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John 6:51-58

In Matthew, Mark, and Luke there are specific textual institutions of the eucharist… in John’s gospel we receive this dialogue in chapter 6. Per usual, the author of John is helping us see in a new light. The language Jesus uses here can be best described as offensive and what follows his words are disputes, fights, and what we would perhaps call “church splits.” Why would Jesus say these things?

The temptation that we continually face in passages such as this is to parcel out and categorize in order to make sense of things. We use terms like “spirit-filled” or “of the world” or “spiritual-thirst.” But it seems that Jesus is more interested in blurring those lines between the spirit and the flesh, rather than drawing them in this text. “Flesh… is food. Blood… is drink.” Jesus crosses an invisible boundary between earth and spirit… by naming his own body as something to be consumed for “the life of the world.”

I can’t help but wonder if Jesus sees it more clearly than anyone how his body isn’t separate from, but tethered to, all life and all creation? Should it be any surprise that Jesus words are so holistic? Should the kind of sanctification we are called into be delivered by any means less “shocking” for us? Because what Jesus wants to do in our lives and in the entirety of the world… is that radical.

The questions we ask are often: “Is this a metaphor? or, Is this transubstantiation?” Our questions seem limiting and binary for the kind of universal redemption that Jesus is here for.

This text is on the heels of Jesus feeding the masses, and here also he refers to the hungry Israelites in the wilderness asking for food. Jesus’ words are more relevant than ever in a time when we exert more time, energy, and money than in other point in history consuming the natural world. In the 1800’s the American prairie had topsoil 12 feet deep and today it can only be measured in inches. We now have lost ninety-eight percent of the planet’s old-growth forests. We know that only a very small percentage of the word’s population consumes the vast majority of its resources. Since we’ve first consumed that forbidden fruit we’ve been bent on continuing to take more than we were ever supposed to have. Even in our “spiritual lives” we often find ourselves wanting more from Jesus… our prayers primarily become lists and requests for varying forms of miracles and abundance. How are we different from the masses following Jesus around for more free dinners?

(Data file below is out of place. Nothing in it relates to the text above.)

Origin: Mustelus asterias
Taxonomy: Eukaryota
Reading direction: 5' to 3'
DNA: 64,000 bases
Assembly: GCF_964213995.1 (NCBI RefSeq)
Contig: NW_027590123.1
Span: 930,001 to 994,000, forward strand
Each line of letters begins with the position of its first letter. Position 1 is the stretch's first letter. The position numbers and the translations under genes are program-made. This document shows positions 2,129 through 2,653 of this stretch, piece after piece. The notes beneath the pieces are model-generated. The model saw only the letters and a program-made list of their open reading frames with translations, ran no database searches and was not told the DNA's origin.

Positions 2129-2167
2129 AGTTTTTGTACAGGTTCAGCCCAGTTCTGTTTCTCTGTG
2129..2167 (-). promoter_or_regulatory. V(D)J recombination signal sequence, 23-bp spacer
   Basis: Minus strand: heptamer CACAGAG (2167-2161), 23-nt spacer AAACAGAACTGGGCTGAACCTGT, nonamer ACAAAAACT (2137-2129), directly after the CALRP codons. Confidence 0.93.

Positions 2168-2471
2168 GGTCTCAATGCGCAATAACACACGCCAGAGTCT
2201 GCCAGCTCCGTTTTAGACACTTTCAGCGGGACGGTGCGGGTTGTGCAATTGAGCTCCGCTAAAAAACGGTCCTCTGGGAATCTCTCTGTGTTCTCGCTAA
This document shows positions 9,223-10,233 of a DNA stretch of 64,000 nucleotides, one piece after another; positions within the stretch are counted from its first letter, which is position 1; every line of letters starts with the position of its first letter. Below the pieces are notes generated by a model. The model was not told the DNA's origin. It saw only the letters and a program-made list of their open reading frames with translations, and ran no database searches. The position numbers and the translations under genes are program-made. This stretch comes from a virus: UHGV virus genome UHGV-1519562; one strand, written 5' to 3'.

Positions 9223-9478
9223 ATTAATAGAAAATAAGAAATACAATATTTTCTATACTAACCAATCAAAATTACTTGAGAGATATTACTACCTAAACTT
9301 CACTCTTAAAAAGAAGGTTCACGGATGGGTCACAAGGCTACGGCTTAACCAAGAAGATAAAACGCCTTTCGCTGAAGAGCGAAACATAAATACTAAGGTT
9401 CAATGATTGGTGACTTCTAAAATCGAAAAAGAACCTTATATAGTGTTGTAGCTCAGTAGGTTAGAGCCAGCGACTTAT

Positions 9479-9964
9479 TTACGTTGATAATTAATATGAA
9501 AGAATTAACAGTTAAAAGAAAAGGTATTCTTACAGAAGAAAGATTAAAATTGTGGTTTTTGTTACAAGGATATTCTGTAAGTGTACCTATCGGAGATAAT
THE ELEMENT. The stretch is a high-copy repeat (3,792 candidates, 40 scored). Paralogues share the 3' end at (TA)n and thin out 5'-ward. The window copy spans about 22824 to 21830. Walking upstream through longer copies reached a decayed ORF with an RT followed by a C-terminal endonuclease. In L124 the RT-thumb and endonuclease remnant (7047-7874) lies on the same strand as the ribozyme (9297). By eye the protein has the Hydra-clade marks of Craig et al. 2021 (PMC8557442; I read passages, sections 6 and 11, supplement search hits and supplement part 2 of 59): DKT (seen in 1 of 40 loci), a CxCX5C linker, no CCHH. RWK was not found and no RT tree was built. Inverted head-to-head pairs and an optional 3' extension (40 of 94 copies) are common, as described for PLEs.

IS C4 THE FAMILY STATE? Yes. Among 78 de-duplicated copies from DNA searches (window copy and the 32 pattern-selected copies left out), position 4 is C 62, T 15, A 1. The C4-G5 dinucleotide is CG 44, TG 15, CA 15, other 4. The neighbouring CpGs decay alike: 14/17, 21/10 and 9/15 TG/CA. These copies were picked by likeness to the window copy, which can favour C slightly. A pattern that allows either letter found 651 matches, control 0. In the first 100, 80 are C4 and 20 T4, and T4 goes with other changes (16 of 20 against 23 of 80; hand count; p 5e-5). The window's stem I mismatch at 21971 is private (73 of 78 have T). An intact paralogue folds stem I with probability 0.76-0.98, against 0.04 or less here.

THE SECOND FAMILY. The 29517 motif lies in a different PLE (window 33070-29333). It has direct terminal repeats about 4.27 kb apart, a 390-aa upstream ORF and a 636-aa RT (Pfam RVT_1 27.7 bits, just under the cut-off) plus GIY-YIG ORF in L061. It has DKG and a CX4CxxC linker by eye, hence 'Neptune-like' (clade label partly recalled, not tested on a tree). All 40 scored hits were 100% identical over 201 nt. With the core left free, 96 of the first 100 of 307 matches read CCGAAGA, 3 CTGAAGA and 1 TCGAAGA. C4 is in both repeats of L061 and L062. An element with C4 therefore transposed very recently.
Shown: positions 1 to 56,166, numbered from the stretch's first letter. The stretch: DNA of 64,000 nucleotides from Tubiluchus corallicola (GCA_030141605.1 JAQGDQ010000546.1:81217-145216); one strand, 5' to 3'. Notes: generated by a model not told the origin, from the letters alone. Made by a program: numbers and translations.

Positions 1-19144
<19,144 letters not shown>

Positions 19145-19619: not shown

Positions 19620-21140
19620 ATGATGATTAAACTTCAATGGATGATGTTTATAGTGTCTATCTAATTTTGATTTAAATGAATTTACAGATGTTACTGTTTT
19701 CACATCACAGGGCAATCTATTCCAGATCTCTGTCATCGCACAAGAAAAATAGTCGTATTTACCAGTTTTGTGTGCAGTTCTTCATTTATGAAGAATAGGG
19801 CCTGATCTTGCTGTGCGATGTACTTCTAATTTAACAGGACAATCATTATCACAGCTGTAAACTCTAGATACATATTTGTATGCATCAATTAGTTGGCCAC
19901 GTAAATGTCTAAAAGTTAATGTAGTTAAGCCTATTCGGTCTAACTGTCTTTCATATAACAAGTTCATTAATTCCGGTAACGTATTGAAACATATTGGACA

Jesus knew what we needed to hear. “You’ll always be hungry until you consume me. All of me.” In fact, our relationship with all other forms of consumption won’t add up until we’re consuming Jesus’ body and Jesus’ blood as he offers it to us, as true food and true drink. In this holy consumption we abide in him and he abides in us.

The pastor has the opportunity to extend this grace-full invitation each time she/he stands to offer the eucharist. It is our receiving of all that we need. The eucharist reframes our story, our posture with God, and our relationship with all of creation. How might we faithfully proclaim this radical message of holy consumption today without also diluting it, making it comfortable, or simply leaving it behind unchanged?